I enjoyed the ease of whipping up this rich and quick small-batch brownie recipe in a loaf pan. I’d say this recipe is definitely more chewy than fudgy. I could take or leave the frosting—this is a sweet enough dessert without it, but certainly no one is going to complain about chocolate frosting!

I think 30 minutes of baking time would give that perfect balance of a slight crust on top and a moist chewiness on the bottom. I was almost there—the very edges of the brownies might have gotten a little more done than I would prefer, but even having baked it for 32 minutes, there was still a lot of chewiness there.

I might like more of a pourable frosting or ganache that’s bittersweet just because of how sweet the brownies already are. I think using a nicer cocoa powder in the batter here really makes a difference.

I made the frosting in a mixer with the paddle. I cut the butter into 6 pieces and first beat in the cocoa powder starting on medium speed for about 30 seconds so that the cocoa wouldn’t fly around, and then turning it up to medium-high for another 1 1/2 minutes, until the butter was no longer in pieces and the mixture was pretty smooth. Then I added the confectioner’s sugar and milk, beating another 30 to 45 seconds.

I finished the frosting by hand, stirring with my spatula, and added about another 1/2 tablespoon confectioner’s sugar just to smooth it out a bit.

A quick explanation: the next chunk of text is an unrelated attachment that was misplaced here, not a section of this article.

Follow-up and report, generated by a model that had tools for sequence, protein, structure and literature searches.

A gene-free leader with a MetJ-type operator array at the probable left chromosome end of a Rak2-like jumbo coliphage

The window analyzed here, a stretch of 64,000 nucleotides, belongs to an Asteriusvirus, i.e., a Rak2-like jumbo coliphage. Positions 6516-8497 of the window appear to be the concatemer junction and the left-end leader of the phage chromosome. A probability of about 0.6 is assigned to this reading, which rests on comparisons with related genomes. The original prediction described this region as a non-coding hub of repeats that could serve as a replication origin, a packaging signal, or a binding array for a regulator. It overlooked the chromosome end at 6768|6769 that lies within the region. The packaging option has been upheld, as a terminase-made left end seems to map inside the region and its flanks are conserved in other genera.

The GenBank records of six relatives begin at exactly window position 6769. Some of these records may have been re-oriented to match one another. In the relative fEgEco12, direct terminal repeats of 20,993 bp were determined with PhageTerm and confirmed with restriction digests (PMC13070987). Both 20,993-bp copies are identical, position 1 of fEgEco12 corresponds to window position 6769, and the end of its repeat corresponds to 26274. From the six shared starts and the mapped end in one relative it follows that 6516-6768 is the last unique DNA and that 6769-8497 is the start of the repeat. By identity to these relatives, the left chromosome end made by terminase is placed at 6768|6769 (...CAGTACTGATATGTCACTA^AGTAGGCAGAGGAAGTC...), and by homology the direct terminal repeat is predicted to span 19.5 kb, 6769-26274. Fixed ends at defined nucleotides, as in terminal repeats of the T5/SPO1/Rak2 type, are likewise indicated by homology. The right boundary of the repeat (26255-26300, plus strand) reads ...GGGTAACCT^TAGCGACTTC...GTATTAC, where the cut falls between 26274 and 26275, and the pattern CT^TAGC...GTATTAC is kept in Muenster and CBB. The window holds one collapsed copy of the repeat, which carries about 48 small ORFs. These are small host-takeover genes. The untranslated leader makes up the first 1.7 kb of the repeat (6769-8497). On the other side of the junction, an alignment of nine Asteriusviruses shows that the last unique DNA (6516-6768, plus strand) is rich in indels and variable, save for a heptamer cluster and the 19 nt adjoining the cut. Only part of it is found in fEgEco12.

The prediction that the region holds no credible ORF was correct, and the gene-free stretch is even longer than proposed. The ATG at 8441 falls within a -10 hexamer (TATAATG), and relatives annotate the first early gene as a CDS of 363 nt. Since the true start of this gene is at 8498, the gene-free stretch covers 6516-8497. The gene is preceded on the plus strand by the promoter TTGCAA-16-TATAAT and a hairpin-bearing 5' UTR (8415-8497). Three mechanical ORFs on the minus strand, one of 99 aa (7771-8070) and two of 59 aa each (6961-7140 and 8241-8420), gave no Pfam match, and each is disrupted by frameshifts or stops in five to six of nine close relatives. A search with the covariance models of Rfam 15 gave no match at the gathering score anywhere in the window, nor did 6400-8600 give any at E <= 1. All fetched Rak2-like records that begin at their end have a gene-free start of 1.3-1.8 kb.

These small-batch brownies were fudgy and delicious! Really, they rank number one among the brownie recipes I’ve tried—and I’ve tried my fair amount of homemade brownies. These were very good and fudgy (not cake-like).

It made nearly the same amount of batter my normal recipe makes but put into a loaf pan instead of a 9-by-9-inch baking pan. An excellent brownie recipe. I think the brownies could have gone without the frosting, though I liked it, for sure.

These small batch brownies were delicious and very easy to make. They reminded me of the iced brownies you can buy in many bakeries in the New York and New Jersey area. They’re chewy and fudgy inside with a nice crisp top. Although the brownies are fine on their own, the frosting turns them into a more luscious treat.

I cut the brownies into eight large squares. They should be kept in the refrigerator, otherwise the frosting will get too soft. And they’re good straight out of the fridge, too!

Next time I would add about 1/4 cup of toasted, chopped walnuts. I think this would add texture and cut the sweetness.

These small batch brownies are good. They’re fudgy and easy to throw together. I would suggest adding them to your arsenal of brownie recipes.

I didn’t think the brownies needed the frosting. My taster disagreed.

Like any other brownies, these would be great with all sorts of toppings and additions. I like to think of a basic brownie as a blank canvas. I love being able to make small batches of sweets, and I would love to see this made even smaller.

The parchment paper kept the brownies from sticking and made for a simple and clean removal from the pan.

About David Leite

I count myself lucky to have received three James Beard Awards for my writing as well as for Leite’s Culinaria. My work has also appeared in The New York Times, Martha Stewart Living, Saveur, Bon Appétit, Gourmet, Food & Wine, Yankee, Los Angeles Times, Chicago Tribune, The Washington Post, and more.